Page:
Hawthorne is also home to 442, the city’s biggest soccer bar, another reason it’s a perfect host for the MLS event.

Stevens wrote the grant for Kick Kick Score, wanting to do something different besides soccer movie nights and soccer pub crawls.

Kick Kick Score is a spin on Putt Putt Drink, an event run two years in a row by Brewvana, which runs a bus tour of Portland’s craft breweries.

The owner of Brewvana, a good friend of Stevens, agreed to be part of the Hawthorne event this summer. They’ll have shuttle stops along Hawthorne as well as pickups and dropoffs downtown, to accommodate the large number of visitors anticipated.

Solis will cap the event at 500 tickets to start. Tickets go on sale June 1 on their new website,

Business districts get a boost

The grant to the Hawthorne Boulevard Business Association is one of the 19 economic development projects funded by Venture Portland.

Venture Portland distributed $37,000 in grants, leveraging an additional $179,591 in neighborhood business districts citywide.

Another funded project is the Parkrose neighborhood’s Neighborhood Prosperity Initiative, a nonprofit with a spinoff organization called Historic Parkrose.

“We’ve kind of rebranded Parkrose,” says Ken Poirer, chairman of Historic Parkrose.

In the early 1980s, Parkrose (from Northeast 99th Avenue to Northeast 121st and Sandy Boulevard) was cut off from the rest of the city when Interstate 5 and Interstate 84 tore through the neighborhood. Prior to that, people drove through Parkrose regularly when Sandy Boulevard was the only way out east.

Portland annexed back Parkrose, but many are still unaware that it it is an actual business district, not just a school district. “We want to reintroduce it not just to the city but to its residents,” says Poirer, who grew up in Parkrose in the early ‘80s, moved away and recently returned.

He’s been working with other neighborhood leaders to “kind of give it a face-lift, and an understanding of its own history,” Poiror says.

So far they’ve done some small community events, but on June 14 they’ll hold the first Taste of Parkrose, a day of live entertainment, street vendors selling art, crafts and specialty items, a kids’ carnival area, kids’ arts and craft projects, and, of course, food.

Set for 10 a.m. to 6 p.m., attendees will get to taste free samples from restaurants and food carts in and around Parkrose.

A large taste tent will be set up at Northeast Sandy Boulevard and 106th Avenue, featuring food from Mexican, Italian, German, Greek, Vietnamese, Chinese, African-American, Russian and Romanian communities.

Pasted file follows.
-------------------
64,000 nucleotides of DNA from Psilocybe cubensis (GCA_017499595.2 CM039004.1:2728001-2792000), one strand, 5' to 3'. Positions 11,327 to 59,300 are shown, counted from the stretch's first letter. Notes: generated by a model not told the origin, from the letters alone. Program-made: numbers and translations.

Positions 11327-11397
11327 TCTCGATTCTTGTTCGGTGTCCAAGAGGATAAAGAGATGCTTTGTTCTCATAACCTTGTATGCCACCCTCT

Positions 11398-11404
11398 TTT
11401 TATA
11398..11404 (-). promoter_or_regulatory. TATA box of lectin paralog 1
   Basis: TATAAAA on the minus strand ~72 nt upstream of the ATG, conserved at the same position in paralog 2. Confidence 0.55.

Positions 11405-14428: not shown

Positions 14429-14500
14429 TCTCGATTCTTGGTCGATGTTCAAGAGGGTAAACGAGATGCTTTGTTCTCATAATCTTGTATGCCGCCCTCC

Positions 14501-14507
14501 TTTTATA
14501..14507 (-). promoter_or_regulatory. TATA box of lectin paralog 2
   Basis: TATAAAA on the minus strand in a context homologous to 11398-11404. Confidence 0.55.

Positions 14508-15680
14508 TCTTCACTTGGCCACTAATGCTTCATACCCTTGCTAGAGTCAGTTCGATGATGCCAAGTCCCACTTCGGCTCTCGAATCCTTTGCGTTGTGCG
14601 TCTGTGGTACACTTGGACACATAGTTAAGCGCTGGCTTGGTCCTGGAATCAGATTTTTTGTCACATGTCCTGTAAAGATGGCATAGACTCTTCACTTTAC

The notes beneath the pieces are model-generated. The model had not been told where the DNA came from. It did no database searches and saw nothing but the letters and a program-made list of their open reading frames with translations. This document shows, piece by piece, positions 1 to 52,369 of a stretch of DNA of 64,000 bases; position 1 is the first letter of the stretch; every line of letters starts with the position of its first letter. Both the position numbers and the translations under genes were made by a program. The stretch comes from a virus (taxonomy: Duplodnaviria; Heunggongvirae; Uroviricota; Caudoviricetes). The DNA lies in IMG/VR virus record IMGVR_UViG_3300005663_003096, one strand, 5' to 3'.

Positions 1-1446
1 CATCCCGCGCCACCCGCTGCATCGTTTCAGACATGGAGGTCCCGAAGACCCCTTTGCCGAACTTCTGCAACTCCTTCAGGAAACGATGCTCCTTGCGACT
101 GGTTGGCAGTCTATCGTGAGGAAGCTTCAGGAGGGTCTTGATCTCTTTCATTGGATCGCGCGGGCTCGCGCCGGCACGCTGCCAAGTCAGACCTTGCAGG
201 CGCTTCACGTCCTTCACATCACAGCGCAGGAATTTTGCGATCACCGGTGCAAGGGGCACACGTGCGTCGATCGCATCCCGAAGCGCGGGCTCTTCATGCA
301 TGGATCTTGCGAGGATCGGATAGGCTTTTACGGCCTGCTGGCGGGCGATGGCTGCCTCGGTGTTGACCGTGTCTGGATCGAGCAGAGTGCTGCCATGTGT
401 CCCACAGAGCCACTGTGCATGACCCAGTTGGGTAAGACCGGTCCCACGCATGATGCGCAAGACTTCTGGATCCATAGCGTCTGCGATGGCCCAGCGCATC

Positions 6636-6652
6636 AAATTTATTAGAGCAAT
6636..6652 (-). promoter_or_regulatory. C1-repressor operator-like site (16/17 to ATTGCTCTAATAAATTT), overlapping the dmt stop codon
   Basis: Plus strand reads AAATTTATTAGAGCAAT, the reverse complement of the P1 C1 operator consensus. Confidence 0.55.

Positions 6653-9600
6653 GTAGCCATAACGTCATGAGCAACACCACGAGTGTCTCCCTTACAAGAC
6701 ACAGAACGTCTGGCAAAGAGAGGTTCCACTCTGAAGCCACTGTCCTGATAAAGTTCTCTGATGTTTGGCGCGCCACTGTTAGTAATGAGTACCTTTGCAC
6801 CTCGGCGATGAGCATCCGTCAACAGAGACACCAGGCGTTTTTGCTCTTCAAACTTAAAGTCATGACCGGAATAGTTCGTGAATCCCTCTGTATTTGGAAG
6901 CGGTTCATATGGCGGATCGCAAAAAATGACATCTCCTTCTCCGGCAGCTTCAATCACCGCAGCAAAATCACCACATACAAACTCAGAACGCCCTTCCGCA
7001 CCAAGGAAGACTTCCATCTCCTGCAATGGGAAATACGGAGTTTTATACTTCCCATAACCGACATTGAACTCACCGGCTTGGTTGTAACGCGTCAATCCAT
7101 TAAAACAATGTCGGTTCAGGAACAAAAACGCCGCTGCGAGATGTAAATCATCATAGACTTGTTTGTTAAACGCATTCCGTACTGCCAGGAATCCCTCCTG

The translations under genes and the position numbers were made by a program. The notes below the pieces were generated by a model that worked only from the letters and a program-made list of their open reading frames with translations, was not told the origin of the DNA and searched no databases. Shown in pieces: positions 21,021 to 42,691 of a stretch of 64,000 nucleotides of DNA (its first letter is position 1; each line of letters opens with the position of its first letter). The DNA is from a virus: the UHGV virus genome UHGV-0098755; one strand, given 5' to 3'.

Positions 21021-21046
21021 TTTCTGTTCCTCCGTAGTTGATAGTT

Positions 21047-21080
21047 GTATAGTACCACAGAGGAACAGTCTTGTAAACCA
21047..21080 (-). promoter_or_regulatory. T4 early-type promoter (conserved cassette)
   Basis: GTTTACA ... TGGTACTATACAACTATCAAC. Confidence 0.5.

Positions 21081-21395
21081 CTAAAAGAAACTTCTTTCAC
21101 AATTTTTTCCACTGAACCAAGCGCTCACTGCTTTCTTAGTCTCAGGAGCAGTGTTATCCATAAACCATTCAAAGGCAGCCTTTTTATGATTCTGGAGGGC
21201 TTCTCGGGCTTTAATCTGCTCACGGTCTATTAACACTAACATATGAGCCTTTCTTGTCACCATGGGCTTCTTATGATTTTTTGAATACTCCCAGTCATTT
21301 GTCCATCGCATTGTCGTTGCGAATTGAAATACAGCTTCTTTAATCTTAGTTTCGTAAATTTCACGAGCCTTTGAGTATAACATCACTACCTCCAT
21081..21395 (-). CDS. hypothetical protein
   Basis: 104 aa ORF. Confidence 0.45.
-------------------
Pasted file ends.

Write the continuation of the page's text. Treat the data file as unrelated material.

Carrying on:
Participating Parkrose restaurants include Good World Chinese, Old World Sausage Company, Neumann’s German Bakery and Antojitos Mexicano.

Live entertainment groups will perform all day: the headliner is El Raffa de Alaska & the Deadliest Catch Band, a local favorite.

Beyond the one-day event, Poirer says, the hope is that Parkrose will be seen as a destination location, just like other neighborhood business districts in Portland.

“The area has some empty spaces and empty lots. Our job is to introduce new business owners and developers to those areas,” Poirer says, noting that a grocery store would be high on the list of needs.

“We want to make sure all the businesses in Parkrose are healthy and successful,” he adds. “After that, we want to get a grocery store in the neighborhood. It’s a food desert. There’s nothing north of I-84. There’s $2 million to $4 million going outside of our district to purchase groceries each year.”

Science meets soccer

Soccer nuts won’t have to wait till August for all of the action.

• The University of Portland hosts the 4th World Conference on Science and Soccer next month, June 5-7.

• The conference has been held in: Liverpool, England; Port Alexander, South Africa; and Ghent, Belgium. This will be its first time held in the United States.

• The conference brings together people interested in the study and performance of soccer players — everyone from sports scientists and coaches to strength and conditioning specialists, sports physiotherapists, exercise physiologists, professors and students. Organizers expect the conference to draw at least 300 participants from around the world, bringing leading international experts in the field to share knowledge with a growing group of U.S. scientists.

• The conference program will feature speaker Rasmus Ankersen, author of the book “Gold Mine Effect: Crack the Secrets of High Performance.”

• Other experts will address new challenges facing the soccer world.

For more information, or to register, visit